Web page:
And still further, Belcher's winning ways are without peer. Among active quarterbacks in the MIAA, none have won more games as a starting quarterback than Belcher, who has gone 21-4 since the start of his sophomore season in 2011. Only Springfield Central's Cody Williams (20-3, 86.9 percent) has a better winning percentage than Belcher's 84, among quarterbacks with at least two year's varsity experience.

What separates him from the rest?

"Work ethic," Fiore said. "He wants to know about defenses, he wants to know about offenses, he wants to know football. He wants to understand it. Case in point, our 7-on-7 stuff, those tournaments all summer long, he called every single play for us -- every formation, every play, no cards, no book. Shoot, I don't know what else to say [but] glowing things.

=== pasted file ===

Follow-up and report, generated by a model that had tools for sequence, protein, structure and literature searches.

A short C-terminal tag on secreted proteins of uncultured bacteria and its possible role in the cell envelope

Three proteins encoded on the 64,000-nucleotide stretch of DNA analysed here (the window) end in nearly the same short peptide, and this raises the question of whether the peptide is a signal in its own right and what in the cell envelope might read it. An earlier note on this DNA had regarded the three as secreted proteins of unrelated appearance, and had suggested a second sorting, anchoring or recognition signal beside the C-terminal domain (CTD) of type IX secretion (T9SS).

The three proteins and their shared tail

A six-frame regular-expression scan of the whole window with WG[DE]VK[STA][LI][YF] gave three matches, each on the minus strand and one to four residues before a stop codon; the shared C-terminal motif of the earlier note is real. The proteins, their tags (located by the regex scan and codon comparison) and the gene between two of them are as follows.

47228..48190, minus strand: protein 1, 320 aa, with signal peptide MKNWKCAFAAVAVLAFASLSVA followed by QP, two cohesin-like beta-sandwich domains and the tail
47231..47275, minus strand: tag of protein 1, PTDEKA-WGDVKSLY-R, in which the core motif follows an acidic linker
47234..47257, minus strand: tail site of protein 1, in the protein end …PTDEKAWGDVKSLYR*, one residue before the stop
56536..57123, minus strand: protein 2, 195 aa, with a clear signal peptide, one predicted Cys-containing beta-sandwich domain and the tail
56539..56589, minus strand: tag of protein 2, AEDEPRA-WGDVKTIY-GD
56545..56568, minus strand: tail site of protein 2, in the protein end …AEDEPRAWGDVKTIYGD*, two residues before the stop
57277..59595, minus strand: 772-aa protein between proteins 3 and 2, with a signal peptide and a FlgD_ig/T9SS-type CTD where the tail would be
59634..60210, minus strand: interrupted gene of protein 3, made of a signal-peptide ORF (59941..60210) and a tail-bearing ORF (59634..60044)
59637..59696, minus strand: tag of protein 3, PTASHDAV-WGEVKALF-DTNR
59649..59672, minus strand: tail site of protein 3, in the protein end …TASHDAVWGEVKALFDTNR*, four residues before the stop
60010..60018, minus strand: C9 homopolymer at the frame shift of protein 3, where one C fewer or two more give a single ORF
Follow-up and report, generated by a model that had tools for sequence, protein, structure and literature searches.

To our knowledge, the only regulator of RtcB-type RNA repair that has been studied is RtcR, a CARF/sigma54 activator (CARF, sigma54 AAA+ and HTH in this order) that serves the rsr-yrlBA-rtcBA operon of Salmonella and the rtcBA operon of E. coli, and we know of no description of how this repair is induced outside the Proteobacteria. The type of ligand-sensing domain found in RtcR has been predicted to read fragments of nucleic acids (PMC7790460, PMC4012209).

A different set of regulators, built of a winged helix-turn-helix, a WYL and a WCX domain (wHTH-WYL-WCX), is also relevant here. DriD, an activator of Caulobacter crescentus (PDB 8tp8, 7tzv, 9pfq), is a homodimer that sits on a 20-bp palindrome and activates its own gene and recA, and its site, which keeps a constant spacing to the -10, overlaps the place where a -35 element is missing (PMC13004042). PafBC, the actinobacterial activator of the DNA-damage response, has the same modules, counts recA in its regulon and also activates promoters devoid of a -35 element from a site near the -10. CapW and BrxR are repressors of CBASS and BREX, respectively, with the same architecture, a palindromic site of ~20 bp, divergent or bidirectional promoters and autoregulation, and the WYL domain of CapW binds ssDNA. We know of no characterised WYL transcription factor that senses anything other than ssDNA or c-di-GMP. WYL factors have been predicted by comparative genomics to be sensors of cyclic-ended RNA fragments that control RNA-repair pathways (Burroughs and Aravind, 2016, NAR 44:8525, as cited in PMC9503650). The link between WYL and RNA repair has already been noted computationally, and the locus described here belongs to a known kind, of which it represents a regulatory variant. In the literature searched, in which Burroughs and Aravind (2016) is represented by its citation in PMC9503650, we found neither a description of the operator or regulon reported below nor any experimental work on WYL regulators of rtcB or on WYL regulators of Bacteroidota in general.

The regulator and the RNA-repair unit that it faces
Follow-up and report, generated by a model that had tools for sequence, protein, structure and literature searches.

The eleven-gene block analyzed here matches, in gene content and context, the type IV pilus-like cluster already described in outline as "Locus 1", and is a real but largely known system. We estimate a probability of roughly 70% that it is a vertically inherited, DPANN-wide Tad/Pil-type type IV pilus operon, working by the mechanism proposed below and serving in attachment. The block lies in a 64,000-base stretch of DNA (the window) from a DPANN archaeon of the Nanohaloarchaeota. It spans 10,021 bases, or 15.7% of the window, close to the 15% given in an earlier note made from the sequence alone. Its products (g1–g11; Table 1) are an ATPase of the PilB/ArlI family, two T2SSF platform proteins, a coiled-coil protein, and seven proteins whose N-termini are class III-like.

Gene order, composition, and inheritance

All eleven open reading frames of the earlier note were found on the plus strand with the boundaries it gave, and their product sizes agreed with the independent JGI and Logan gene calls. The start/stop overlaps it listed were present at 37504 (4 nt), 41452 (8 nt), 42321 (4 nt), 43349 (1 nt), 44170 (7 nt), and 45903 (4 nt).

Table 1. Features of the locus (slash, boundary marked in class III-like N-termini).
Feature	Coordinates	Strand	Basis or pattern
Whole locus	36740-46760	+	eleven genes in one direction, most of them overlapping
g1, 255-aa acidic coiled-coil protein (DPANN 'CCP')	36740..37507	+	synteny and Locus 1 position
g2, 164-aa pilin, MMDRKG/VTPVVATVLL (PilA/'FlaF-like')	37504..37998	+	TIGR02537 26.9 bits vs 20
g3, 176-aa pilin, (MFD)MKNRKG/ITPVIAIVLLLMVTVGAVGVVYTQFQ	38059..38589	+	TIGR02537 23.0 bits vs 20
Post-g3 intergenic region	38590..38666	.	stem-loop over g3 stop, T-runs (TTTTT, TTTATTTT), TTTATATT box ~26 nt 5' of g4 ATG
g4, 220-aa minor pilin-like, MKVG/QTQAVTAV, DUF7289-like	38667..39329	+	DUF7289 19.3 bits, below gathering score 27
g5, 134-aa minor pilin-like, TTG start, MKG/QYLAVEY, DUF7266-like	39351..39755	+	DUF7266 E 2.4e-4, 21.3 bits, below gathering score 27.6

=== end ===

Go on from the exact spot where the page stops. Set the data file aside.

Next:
"He's throwing BB's in the air, he's picking apart coverages, the wideouts are communicating stuff they want to hear back to him. It's good stuff. It's real good stuff. I don't know where it goes from here, but I'm sure it will end up positive. He's an outstanding kid."

Said Belcher, ""I've always had a chip on my shoulder my whole life. Every single day, I'm trying to get better. That's how I believe -- if you're not getting better, you're getting worse. ... Being from Reading, we've always had great history at quarterback, with Chris Pizzotti, Jimmy Murphy, Stan Andre, Brian Bourque, so I'm just trying to be like those guys, and work hard every day. That's what they did."

So now, here comes the elephant in the room -- why no scholarship offers yet for Reading's "best ever" quarterback?